The longest-serving lawmaker in New Jersey history, with nearly five decades of legislative experience, state Sen. Richard Codey is calling it quits just months after he defeated another incumbent, Sen. Nia Gill, in a hotly contested primary election.
Codey’s victory means that political bosses and not Democratic Party voters will choose the next senator in the Essex County-based 27th Legislative District, which includes Livingston, Millburn, Montclair, Roseland, and West Orange in Essex County, and Clifton in Passaic County.
Codey served as governor from November 2004 until January 2006 and he has been in the state Senate since 1982. He served in the Assembly from 1974 to 1981.
“I’m not gonna lie, this is a tough day for me,” wrote Codey, 76, announcing his retirement on Monday. “An emotional day. But here it is: After a half-century in the Legislature, it’s time for me to say goodbye. My service to the state of New Jersey and its great people will end when this legislative session concludes at the end of the year.”
“Seriously, it has been an incredible run and I’m lucky and grateful to have my health. I won my first race in November of 1973 and was sworn in the following January, making it a perfect 50-year circle we’re closing,” wrote Codey, on his Facebook page. “I’ve been your Assemblyman, your Senator and your Governor. Now, it’s time to trade all those trips to Trenton for more time as a husband, father and grandpa. I’ll still be running my businesses — an insurance agency and those funeral homes — but I’m ready for something different.”
Codey said it is “Time to step aside and watch the next generation do their thing.”
Fiercely independent and principled, Gill has been in the Senate since 2002 and she was a candidate for Senate president after Sweeney’s defeat in 2021, but she only got two votes and lost to Sen. Nicholas ‘No-Show Nick’ Scutari.
She has been called “a tireless advocate for civil rights, public education, healthcare, and ensuring equal access to our democracy.”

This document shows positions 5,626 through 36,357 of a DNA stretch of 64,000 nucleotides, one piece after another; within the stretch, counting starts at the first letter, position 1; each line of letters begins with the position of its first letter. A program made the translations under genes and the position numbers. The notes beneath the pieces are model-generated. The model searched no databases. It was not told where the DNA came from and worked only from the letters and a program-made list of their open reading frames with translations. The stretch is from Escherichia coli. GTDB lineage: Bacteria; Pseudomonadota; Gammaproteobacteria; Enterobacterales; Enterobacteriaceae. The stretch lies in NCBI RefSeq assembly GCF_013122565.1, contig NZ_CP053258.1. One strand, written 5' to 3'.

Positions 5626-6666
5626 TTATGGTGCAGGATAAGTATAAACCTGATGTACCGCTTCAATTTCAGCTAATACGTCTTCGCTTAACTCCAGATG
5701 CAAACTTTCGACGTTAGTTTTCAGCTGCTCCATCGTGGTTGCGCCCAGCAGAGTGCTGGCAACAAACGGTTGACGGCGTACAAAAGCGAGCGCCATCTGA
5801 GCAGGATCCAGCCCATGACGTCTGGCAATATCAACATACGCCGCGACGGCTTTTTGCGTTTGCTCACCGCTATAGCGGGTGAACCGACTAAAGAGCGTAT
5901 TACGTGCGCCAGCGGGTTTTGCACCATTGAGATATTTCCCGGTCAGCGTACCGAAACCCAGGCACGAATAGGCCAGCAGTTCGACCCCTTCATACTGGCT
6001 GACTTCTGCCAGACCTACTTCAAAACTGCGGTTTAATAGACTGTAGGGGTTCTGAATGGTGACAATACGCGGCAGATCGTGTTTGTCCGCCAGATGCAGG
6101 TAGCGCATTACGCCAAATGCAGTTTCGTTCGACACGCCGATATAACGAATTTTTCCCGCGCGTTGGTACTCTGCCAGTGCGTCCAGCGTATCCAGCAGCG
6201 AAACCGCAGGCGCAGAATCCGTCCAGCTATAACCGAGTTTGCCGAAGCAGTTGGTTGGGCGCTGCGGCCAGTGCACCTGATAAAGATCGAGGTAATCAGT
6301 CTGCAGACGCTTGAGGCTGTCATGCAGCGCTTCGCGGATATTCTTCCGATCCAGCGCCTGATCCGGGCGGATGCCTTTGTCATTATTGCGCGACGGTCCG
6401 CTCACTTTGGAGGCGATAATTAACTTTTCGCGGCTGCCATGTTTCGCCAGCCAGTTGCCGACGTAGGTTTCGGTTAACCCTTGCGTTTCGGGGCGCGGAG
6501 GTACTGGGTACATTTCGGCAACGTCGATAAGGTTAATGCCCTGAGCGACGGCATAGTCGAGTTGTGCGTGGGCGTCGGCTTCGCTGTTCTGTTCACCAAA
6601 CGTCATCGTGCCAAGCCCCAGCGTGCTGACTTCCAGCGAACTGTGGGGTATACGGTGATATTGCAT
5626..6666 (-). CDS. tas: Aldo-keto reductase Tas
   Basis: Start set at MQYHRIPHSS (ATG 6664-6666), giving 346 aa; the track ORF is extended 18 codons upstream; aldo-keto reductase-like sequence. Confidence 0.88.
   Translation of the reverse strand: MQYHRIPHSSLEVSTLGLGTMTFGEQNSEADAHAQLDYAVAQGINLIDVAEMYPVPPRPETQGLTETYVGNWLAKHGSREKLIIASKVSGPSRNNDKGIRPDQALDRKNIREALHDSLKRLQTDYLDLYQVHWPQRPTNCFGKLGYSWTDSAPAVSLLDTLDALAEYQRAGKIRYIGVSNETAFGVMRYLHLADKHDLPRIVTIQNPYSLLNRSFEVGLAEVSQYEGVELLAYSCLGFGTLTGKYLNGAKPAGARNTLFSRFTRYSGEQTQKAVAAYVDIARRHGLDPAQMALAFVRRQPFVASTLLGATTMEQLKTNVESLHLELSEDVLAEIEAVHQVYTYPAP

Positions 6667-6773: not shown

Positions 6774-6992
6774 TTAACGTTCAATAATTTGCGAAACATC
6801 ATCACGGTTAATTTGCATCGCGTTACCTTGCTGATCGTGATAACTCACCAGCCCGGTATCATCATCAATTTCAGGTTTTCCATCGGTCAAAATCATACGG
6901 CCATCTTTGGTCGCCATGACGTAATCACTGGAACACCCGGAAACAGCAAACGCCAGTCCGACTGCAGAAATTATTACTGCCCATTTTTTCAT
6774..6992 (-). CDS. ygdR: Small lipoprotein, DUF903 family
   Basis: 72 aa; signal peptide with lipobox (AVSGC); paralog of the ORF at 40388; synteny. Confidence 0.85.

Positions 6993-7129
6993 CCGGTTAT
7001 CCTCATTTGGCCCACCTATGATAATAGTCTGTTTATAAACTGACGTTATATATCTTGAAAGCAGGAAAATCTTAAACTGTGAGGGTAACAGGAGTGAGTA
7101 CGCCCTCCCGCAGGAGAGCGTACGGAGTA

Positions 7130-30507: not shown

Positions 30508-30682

She was the only Democrat who voted against the “Elections Transparency Act,” which doubled campaign contribution limits from $2,600 to $5,200 per candidate per election, removed a pay-to-play prohibition on government contractors donating to political committees, and eviscerated the independence of the state Election Law Enforcement Commission. The corrupt campaign finance law also reduced the statute of limitations for enforcement actions from 10 years to two years and retroactively wiped out dozens of violations.
Gill previously served in the General Assembly, from 1994 to 2002, where she was Minority Whip from 1996 to 2001.
She became a candidate for state Senate in District 34, which for nearly two decades had been a Republican stronghold before some of the municipalities Gill had represented in the Assembly were shifted into the district.
Gill’s landslide 2003 victory over first-term incumbent Republican Sen. Norman M. Robertson followed a contested primary election, in which LeRoy J. Jones, Jr. was awarded the preferred ballot position on the party line.
Despite being outspent by the establishment favorite in the heavily Democratic district, Gill won with 55% of the vote.
Millionaire Gov. Phil Murphy endorsed Codey and called him a “hardworking and dedicated” public servant” without mentioning Gill, a female Democrat who has led on legislation including bills to tighten the state’s gun laws.
LeRoy Jones, the Democratic State Party chairman, congratulated Codey and said he looked forward to working with him “to deliver progress” for the district. He also praised Gill, who he said had shown dedication throughout her career.
Gill was also a 2012 primary election candidate to fill the vacancy in the 10th congressional district caused by the death of U.S. Representative Donald M. Payne, but she lost to the congressman’s son, Donald Payne Jr.
Codey served as governor for more than a year in the early 2000s, announced Monday he is dropping his re-election bid and